Michel van der Aa’s Violin Concerto was written in 2014 for his Dutch compatriot Janine Jansen. An unusually conventional work for this composer, it follows a fast-slow-fast structure, and is his first major work without some pre-recorded or electronic component. Yet this piece is not a drastic departure from his distinct soundworld; rather he uses acoustic means to emulate processed timbre, such as in the climax of the second movement, Jansen is ‘amplified’ by being doubled by first violins. In other places the solo line connects with wind-players to dramatic and sometimes eerie effect without allowing these episodes to interrupt overall continuity.
Jansen begins the first two movements alone, demonstrating a pliable and articulate sound, wild or deeply expressive. She provided a richness of tone in even the thorniest passages, and following the opening bars, the orchestral string players are instructed to use no vibrato, generating something akin to a sine-wave. The three percussionists are spaced antiphonally. Yannick Nézet-Séguin took the Finale as if it were marked ‘as fast as possible’, which allowed the Philadelphia Orchestra to demonstrate incredible virtuosity.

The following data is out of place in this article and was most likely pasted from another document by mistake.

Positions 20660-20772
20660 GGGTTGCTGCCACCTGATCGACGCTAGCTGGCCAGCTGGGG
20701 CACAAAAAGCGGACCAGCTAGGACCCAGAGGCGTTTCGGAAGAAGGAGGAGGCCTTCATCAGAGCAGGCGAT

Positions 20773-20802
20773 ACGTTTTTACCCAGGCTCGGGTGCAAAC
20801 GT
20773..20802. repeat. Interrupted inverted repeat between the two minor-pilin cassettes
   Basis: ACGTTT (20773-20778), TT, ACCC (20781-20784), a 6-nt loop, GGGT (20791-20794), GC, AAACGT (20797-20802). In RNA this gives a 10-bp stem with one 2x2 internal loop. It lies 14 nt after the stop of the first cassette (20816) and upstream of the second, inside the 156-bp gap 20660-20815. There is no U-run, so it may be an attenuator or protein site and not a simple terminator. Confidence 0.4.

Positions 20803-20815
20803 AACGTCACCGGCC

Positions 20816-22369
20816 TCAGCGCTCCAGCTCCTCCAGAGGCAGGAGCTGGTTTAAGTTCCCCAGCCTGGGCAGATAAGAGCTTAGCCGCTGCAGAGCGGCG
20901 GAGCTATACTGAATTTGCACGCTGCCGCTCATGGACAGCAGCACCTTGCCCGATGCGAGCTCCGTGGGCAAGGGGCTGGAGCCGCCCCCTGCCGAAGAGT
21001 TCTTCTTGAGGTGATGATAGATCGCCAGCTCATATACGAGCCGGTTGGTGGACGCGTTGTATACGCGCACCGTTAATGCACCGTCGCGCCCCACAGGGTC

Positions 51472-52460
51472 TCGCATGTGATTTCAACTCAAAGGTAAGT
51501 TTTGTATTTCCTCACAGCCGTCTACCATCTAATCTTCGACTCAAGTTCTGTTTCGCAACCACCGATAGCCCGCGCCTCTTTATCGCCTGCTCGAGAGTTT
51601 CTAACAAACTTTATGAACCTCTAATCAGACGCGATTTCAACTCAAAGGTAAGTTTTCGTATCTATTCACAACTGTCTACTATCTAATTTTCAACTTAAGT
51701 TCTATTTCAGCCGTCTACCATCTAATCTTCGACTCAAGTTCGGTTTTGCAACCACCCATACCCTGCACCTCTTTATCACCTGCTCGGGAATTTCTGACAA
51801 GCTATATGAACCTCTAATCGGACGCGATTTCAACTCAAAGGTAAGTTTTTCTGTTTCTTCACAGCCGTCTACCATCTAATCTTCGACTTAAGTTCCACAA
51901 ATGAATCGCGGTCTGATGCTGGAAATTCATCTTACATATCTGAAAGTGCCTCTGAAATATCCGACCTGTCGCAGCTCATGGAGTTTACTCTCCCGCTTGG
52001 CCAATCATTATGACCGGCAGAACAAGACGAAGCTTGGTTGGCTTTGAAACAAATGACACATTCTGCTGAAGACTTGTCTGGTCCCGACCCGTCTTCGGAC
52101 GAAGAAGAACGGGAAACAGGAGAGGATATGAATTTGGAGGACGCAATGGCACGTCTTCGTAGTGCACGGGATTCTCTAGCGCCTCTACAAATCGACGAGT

Rachmaninov’s Second Symphony is operatic in scope with an abundance of compelling melodies. Nézet-Séguin was at home in the work’s rubato and color, the orchestra responding with passion, grippingly loud without a hint of unwanted harshness. Ricardo Morales’s third-movement clarinet solo was breathtakingly subtle, Jennifer Montone supplied ravishing horn-calls in the Finale (taken at breakneck speed), and the viola section continues to prove it is among the world’s finest.